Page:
Presented with comedic jabs and sharp wit, the play is an entertaining and family-friendly livestream experience.  The production team has been very clever about incorporating facemasks and social distancing into the performance, as seen in this news story/video about the show.

DETAILS: Livestream performance is on Oct. 1 and 2, 2020 at 7:30 p.m. Admission is $8 adults, seniors, military / $5 CofC students, faculty, staff and 18 & under / $18 groups of 3+. Show and ticket information is available at, by emailing, or by calling (843) 953-6306.

After parliament states that women don’t need a political voice because they are all looked after by men, the women leave their jobs and homes and instead insist upon support from their nearest male relatives. Hilarity ensues until the overwhelmed males band together to demand votes for women.

A founding member of the Women Writers’ Suffrage League, Hamilton wrote the story as a satirical pamphlet published by the League in 1908. The pamphlet was an enormous success and prompted her to combine forces with St John to turn it into a play. Since its debut on April 13, 1909 at the Royalty Theater in London, it has become one of the most well-known suffrage plays ever written.

“How the Vote Was Won” is directed by department faculty member Susan Kattwinkel. She notes, “This play is a delightful short farce, and we’ve found it to be a great play to experiment with all our new performance demands, like streaming and social distancing and masks. We decided that instead of trying to work around those changes we’d make them a part of the show. We’ve placed the action of the show in London in 1918. That’s the year that some women won the right to vote in Britain, and it’s also the year of the flu pandemic. So, it’s not only the actors who are wearing masks and social distancing, it’s also the characters. That gave us the opportunity to find all sorts of humorous ways to play with props and movement. We think the result is a fun romp and we hope you’ll join us for our experiment.”’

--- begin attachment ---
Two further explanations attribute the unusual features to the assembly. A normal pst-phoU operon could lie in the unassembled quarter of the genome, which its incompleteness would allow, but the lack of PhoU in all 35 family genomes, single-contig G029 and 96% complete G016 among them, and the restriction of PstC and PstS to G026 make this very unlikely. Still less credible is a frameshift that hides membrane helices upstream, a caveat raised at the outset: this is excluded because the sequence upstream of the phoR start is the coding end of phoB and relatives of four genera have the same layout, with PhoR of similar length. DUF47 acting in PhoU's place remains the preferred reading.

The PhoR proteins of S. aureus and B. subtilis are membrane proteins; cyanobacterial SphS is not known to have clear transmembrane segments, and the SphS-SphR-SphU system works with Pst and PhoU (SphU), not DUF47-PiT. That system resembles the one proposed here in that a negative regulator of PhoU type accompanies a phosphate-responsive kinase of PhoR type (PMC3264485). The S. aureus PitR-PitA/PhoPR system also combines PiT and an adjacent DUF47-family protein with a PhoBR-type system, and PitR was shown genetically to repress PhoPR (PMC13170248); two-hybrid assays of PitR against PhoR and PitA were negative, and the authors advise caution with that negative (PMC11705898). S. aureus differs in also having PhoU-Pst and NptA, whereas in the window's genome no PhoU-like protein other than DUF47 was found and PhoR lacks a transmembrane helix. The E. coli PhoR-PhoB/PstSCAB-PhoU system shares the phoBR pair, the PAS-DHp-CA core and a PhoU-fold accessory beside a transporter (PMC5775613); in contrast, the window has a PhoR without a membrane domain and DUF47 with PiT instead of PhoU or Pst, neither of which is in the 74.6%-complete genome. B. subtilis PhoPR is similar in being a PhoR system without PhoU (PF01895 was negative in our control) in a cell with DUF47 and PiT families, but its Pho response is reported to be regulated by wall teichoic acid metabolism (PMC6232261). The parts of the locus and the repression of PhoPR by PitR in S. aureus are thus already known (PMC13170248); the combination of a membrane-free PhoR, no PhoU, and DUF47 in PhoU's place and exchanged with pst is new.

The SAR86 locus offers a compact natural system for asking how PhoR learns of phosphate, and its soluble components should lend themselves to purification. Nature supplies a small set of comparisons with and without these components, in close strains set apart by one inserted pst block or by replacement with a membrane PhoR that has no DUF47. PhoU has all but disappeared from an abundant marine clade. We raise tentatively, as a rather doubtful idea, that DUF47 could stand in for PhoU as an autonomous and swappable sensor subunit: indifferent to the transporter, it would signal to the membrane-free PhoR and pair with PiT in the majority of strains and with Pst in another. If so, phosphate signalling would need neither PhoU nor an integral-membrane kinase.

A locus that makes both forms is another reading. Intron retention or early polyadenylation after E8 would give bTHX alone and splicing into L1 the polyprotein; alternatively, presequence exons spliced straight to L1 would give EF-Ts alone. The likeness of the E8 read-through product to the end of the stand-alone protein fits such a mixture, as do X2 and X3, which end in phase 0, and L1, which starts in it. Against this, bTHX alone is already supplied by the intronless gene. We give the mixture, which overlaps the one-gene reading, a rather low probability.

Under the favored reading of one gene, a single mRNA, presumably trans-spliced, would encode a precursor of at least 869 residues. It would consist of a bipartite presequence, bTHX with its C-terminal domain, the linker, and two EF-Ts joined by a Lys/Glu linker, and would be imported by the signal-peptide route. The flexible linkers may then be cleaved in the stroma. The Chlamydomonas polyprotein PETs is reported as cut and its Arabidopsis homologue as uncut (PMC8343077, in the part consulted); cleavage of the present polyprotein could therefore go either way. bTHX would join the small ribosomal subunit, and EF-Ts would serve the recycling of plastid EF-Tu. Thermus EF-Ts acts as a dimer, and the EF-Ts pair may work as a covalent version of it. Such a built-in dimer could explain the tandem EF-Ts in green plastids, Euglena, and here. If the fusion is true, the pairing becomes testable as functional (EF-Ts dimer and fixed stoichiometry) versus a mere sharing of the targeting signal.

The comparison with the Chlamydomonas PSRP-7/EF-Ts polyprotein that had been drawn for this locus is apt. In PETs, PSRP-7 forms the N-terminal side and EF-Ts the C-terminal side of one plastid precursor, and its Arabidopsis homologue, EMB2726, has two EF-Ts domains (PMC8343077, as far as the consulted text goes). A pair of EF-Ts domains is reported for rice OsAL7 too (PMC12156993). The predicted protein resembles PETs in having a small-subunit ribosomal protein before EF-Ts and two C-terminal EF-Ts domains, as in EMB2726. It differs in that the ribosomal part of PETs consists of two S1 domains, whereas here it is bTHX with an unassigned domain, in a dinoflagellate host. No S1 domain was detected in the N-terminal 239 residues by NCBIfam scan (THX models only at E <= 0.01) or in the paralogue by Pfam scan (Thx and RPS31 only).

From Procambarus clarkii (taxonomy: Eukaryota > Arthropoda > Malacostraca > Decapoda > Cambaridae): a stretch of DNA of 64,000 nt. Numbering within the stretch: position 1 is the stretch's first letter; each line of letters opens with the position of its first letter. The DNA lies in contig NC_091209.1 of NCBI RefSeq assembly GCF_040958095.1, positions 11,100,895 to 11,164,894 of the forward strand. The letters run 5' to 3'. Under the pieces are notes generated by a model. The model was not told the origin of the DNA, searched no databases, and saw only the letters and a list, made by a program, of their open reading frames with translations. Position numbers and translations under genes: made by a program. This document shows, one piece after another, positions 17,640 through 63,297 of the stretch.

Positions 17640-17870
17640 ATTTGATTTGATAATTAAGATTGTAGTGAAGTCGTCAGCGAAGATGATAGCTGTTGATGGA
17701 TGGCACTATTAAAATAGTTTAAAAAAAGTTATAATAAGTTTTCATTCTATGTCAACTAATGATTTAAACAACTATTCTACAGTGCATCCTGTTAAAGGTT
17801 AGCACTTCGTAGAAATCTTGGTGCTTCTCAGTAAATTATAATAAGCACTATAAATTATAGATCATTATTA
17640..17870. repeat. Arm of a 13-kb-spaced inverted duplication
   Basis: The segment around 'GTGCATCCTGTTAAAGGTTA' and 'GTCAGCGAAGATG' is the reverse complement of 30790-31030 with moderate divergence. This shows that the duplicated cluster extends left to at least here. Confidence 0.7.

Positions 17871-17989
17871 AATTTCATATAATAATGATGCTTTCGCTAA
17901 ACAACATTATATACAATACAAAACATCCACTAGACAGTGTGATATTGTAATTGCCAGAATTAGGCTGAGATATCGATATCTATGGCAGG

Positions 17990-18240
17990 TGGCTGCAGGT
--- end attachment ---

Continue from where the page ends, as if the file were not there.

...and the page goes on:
Theatre students comprise the cast and crew, and the show’s designers include students Julia Mimó (scenic design), Mattie Davis (costume design), and Nora Zich (lighting design).

Enjoy a behind-the-scenes look at our production through this student blog.